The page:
There is an opportunity for New Zealand’s automated manufacturing industry to compete with lower-cost countries, says Keith Nosbusch, chairman and CEO of Rockwell Automation, a US-based provider of automated systems. The future for countries like New Zealand is in manufacturing high-quality, complex products.
“By creating innovation and differentiation, developed countries have a chance,” he said at a recent American Chamber of Commerce breakfast in Auckland.
Responsiveness to the local market and staff expertise are key factors for keeping manufacturing in the country, he says. By utilising the expertise and competence of the staff, and having a global strategy, local companies can be world class, he says.
Also of importance is selecting an automation supplier that uses open standards and can link the plant floor to the enterprise system, says Nosbusch.
To be able to compete, local companies need to focus on productivity and integration through the whole supply chain. They need to look at the total cost of manufacturing, he said before pointing out again: “And a highly competent workforce [will make your] company competitive in the long run.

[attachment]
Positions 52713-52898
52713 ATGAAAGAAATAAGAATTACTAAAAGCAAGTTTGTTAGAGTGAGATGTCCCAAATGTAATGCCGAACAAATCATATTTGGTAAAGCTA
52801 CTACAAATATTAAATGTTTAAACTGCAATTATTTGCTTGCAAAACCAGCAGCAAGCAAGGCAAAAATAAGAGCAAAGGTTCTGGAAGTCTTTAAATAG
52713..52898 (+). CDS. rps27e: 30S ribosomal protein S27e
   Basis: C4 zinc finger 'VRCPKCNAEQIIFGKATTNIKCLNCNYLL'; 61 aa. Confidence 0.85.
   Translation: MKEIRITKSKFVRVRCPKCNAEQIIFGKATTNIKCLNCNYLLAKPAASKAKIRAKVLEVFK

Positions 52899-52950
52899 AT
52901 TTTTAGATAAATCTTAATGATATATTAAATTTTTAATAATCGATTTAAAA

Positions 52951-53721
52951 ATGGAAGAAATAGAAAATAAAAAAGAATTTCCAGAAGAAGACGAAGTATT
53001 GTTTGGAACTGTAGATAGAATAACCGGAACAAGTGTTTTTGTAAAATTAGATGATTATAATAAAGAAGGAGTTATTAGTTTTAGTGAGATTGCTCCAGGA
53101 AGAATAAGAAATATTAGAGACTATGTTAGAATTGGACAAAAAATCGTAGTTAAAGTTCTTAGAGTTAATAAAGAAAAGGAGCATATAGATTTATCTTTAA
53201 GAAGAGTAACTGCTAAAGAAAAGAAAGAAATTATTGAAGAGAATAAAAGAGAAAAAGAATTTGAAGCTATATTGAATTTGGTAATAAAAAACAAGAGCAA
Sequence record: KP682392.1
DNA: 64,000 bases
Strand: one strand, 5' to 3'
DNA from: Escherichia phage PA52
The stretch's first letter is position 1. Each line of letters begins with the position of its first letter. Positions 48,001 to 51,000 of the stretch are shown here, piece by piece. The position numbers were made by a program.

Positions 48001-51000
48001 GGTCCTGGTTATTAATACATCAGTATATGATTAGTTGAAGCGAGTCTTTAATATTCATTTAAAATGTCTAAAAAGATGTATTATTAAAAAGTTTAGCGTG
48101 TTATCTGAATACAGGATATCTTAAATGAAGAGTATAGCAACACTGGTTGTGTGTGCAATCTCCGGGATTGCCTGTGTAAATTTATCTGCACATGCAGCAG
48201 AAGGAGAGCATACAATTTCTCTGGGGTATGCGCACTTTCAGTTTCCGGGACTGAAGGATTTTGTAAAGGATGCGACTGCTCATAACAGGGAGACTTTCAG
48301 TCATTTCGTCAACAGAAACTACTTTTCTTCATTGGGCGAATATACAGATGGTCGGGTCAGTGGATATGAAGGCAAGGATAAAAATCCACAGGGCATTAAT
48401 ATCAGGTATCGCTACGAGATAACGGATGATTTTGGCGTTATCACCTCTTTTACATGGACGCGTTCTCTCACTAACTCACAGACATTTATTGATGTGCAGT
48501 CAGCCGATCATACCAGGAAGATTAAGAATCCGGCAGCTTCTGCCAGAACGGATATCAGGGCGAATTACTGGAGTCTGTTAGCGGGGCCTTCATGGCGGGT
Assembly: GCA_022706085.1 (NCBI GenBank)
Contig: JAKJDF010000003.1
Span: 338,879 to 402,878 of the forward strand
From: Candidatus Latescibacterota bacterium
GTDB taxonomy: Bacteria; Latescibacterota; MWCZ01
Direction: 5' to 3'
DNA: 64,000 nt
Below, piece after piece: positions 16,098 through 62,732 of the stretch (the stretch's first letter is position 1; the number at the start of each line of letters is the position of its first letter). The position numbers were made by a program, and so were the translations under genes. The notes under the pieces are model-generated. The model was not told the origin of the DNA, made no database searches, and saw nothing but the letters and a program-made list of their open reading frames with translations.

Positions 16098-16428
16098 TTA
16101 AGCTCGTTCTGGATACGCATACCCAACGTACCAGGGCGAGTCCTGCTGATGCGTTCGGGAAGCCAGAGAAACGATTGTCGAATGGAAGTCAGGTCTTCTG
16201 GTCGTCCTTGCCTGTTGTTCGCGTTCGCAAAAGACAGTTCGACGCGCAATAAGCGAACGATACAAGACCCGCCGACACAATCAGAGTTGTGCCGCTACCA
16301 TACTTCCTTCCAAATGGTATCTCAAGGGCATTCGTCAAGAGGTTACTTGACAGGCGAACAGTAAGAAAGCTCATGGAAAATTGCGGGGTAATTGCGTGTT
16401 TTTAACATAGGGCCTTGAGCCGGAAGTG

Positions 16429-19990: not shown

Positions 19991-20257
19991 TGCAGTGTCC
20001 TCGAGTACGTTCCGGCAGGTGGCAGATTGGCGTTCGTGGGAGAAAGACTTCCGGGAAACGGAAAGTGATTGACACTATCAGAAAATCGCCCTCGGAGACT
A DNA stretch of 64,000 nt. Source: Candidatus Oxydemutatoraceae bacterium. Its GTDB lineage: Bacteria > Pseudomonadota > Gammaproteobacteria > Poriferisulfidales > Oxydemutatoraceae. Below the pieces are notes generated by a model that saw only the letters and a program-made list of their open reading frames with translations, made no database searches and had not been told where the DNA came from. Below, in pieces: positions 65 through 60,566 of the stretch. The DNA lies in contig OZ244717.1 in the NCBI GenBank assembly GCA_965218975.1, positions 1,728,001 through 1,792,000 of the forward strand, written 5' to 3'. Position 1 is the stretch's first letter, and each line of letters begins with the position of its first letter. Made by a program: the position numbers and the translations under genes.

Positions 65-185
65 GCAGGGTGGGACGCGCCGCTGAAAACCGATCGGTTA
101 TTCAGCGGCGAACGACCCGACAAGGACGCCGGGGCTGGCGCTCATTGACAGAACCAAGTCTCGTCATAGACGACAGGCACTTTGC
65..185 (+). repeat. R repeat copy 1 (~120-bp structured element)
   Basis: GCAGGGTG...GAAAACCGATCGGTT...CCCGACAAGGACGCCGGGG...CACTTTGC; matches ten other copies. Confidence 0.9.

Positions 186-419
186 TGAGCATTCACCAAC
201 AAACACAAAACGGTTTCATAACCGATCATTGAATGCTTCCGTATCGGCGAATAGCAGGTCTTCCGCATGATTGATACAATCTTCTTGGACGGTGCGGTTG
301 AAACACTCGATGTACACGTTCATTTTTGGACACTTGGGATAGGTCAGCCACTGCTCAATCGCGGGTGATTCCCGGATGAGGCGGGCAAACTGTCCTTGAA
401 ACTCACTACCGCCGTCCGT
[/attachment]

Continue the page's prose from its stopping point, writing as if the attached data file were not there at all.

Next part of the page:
“There will be fewer people doing it [working in automation] but automation will contribute to the economy,” Nosbusch says.
New Zealand is an early adopter of high-end, complex automation solutions, according to David Vickery, Rockwell’s regional director for New Zealand.
“Often [automation systems] are tested in the US and trialled in New Zealand,” he says. “New Zealand is very open to new technology. We are not lagging behind the rest of the world.” However, the skills shortage is a problem.
“We are struggling to find engineers, not just Rockwell but also our partners,” says Vickery. The company is recruiting people straight out of university in an attempt to keep up with the demand.